Stack Overflow is a community of 4.7 million programmers, just like you, helping each other.

Join them; it only takes a minute:

Sign up
Join the Stack Overflow community to:
  1. Ask programming questions
  2. Answer and help your peers
  3. Get recognized for your expertise

The situation is that we can only use Oracle Standard Edition. However, we also need to encrypt certain fields (or maybe the whole tablespace).

Is there any way we can encrypt the database / certain fields but are still able to do a wildcard search, for e.g.

select * from enc_table where enc_col like 'j%'

The requirement is not so strict that we have to use like, we could use a function say

select * from enc_table where search_like(enc_col, 'j%')
share|improve this question
Question: What would be the point of encryption, in such a case? In order for the DB to do a search like that, it'd need to be able to decrypt the data, which means it needs to have the key. At that point, what keeps me from simply convincing the DB to return the cleartext (or...just as bad, if not worse...the key)? – cHao May 13 '13 at 7:59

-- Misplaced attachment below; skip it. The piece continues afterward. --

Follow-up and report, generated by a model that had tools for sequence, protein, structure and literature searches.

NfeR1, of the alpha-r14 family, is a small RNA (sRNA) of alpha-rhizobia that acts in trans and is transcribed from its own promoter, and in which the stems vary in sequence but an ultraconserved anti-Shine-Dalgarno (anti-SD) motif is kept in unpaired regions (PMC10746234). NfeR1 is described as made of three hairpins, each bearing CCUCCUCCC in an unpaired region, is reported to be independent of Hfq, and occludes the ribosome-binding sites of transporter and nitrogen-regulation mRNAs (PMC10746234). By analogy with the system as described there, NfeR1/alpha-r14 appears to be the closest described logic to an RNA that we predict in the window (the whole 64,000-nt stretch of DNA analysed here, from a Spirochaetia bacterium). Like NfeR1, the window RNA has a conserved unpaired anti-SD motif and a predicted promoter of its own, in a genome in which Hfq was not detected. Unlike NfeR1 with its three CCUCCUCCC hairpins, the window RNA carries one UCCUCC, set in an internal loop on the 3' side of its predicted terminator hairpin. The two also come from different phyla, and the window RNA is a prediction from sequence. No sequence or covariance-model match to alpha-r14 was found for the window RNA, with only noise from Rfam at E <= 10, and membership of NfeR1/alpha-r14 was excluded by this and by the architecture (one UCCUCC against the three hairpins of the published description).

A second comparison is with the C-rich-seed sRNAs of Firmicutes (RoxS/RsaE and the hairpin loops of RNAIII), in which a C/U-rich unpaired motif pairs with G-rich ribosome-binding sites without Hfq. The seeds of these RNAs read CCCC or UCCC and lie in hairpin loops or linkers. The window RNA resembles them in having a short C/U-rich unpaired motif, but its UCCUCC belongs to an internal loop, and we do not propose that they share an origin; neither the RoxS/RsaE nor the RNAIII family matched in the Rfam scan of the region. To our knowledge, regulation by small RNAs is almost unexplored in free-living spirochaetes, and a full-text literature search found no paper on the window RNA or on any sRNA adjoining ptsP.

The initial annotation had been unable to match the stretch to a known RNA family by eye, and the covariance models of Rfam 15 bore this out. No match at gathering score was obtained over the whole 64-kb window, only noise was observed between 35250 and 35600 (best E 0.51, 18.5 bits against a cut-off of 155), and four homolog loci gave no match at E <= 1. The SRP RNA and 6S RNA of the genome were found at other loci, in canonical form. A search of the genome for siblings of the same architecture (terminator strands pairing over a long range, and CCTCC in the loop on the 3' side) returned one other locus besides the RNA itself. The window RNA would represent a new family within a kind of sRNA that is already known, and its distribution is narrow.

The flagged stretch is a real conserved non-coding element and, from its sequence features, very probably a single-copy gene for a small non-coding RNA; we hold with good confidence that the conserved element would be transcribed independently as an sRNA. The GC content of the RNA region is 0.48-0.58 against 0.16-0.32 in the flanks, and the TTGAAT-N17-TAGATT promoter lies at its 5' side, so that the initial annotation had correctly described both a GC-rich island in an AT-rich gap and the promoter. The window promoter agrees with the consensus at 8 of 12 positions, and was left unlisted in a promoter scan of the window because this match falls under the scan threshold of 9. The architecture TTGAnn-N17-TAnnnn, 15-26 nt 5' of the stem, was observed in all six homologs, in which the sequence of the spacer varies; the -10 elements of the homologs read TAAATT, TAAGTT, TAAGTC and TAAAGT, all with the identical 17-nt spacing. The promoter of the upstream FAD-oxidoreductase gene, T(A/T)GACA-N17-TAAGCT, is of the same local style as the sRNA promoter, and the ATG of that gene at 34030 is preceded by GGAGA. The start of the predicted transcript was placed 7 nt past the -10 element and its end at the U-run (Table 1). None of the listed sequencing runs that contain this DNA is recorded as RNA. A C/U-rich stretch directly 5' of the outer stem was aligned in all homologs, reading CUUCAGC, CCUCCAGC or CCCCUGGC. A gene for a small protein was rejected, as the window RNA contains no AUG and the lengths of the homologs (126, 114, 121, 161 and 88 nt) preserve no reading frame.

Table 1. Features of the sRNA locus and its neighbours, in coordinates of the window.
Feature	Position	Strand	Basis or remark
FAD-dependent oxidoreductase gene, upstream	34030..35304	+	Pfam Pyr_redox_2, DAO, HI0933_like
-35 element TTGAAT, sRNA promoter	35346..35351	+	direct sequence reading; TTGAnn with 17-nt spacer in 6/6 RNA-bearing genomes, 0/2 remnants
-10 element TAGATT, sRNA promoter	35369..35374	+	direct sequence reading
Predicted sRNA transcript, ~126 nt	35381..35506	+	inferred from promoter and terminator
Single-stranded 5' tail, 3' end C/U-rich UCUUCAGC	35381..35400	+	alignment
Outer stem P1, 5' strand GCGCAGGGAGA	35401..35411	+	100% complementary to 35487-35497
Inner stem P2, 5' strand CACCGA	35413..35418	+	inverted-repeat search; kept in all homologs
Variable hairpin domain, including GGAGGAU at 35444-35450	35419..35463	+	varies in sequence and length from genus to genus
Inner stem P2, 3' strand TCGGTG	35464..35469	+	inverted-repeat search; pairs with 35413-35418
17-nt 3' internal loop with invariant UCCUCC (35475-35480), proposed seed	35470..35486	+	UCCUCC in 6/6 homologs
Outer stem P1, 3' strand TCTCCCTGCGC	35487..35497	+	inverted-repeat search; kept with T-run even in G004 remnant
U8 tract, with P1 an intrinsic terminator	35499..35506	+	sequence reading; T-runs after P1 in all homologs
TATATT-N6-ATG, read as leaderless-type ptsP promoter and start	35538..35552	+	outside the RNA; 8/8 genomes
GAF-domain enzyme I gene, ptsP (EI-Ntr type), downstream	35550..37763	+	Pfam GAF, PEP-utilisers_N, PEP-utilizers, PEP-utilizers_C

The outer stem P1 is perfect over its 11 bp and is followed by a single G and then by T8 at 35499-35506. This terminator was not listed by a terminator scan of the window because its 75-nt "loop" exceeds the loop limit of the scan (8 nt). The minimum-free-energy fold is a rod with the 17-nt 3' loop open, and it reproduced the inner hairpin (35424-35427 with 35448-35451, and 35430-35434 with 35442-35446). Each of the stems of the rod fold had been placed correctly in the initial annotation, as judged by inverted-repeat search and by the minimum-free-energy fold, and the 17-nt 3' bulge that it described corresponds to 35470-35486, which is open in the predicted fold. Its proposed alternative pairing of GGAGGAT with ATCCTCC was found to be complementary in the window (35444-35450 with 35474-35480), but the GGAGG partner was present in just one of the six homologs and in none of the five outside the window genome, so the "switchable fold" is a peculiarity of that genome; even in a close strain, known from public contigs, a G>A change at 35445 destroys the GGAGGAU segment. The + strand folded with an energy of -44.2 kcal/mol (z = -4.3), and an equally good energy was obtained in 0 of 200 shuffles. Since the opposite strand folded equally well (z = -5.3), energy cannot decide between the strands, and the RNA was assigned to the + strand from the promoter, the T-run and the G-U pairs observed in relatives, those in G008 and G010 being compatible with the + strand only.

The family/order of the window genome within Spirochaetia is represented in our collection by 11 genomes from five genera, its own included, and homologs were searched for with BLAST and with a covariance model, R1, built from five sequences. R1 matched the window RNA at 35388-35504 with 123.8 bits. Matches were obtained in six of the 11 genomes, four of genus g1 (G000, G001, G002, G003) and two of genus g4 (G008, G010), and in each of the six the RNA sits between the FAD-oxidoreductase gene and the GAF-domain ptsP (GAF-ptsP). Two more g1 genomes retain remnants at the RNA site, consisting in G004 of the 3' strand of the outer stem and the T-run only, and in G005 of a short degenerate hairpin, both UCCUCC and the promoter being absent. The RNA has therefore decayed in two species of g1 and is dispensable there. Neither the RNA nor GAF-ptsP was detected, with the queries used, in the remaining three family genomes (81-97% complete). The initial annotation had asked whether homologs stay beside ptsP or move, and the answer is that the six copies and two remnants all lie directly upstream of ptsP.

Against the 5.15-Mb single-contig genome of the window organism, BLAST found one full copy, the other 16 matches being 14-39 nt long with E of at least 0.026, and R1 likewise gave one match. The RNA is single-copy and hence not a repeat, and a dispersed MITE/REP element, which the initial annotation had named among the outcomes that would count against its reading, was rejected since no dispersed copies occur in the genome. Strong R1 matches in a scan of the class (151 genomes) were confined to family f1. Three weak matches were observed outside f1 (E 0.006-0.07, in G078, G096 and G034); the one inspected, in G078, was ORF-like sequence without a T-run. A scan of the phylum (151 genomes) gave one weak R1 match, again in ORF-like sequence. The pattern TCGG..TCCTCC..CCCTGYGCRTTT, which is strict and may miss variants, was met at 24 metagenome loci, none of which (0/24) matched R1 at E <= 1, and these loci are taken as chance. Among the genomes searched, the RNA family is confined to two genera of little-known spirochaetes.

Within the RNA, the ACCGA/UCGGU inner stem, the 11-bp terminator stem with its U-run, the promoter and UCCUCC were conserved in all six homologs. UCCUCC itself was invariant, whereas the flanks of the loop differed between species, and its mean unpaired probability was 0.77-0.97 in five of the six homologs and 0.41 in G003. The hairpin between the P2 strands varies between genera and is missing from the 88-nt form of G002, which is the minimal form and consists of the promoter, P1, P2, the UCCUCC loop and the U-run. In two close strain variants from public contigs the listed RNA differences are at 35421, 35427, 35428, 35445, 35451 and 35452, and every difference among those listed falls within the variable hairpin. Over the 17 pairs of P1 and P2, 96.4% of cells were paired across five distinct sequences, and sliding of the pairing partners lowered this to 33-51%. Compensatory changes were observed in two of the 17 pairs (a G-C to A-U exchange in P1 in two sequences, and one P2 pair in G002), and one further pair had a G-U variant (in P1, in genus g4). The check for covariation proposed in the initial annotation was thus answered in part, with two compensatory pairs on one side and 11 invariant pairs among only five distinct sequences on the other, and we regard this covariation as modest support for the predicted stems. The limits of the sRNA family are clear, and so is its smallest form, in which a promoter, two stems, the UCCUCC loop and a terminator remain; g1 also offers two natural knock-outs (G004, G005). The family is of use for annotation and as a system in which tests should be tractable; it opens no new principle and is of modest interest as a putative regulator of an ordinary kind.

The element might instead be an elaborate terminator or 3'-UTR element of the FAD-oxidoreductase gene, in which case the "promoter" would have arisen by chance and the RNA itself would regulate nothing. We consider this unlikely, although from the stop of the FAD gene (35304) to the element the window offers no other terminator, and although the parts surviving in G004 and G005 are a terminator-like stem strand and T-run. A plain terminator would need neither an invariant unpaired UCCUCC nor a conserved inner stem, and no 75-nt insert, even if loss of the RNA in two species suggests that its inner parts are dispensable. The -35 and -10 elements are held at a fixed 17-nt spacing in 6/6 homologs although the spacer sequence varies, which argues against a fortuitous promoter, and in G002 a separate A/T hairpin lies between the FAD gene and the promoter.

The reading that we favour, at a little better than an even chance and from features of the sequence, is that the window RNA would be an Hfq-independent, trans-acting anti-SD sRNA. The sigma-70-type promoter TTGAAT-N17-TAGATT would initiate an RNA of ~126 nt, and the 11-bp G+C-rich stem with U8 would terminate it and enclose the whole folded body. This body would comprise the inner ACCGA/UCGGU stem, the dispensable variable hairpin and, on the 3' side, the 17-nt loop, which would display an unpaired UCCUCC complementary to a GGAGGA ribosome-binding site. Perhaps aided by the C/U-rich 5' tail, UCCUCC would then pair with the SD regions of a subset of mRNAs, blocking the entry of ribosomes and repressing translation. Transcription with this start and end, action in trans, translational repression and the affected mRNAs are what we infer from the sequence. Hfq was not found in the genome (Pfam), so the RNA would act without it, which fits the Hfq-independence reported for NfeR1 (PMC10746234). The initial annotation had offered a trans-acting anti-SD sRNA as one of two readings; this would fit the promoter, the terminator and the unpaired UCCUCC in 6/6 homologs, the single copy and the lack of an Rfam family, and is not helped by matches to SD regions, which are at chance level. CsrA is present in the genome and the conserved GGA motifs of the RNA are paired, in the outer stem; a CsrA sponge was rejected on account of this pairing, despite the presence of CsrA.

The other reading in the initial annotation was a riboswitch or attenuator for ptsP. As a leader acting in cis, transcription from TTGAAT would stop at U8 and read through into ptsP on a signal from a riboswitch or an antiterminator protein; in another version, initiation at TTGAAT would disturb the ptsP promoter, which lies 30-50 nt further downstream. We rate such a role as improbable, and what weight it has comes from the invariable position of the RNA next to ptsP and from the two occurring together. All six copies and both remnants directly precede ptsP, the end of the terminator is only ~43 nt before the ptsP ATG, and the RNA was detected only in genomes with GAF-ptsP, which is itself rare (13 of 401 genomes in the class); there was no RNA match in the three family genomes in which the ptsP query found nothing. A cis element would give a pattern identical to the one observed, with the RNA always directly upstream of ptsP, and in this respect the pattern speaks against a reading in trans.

@cHao, seems legit to me. There's no reason for the user to know the key; you could have it encapsulated in a view or procedure. – Jeffrey Kemp May 13 '13 at 8:19
@John, do you already have your encrypt/decrypt routines? Why not create a function search_like which decrypts the column, checks whether it is LIKE p2, and returns some non-null value if it matches? Performance wouldn't be great, mind you (it'd have to check each and every row in the table). – Jeffrey Kemp May 13 '13 at 8:21
@cHao, the reason behind given to us is simply "physical security" such that when the hard disk is stolen, the data is still a bit protected. – John May 14 '13 at 11:51
@JeffreyKemp, yeah. We have thought about it. However, the data is around 1.8M and growing and a full table scan will not be acceptable to the user. – John May 14 '13 at 11:53

Your Answer


By posting your answer, you agree to the privacy policy and terms of service.

Browse other questions tagged or ask your own question.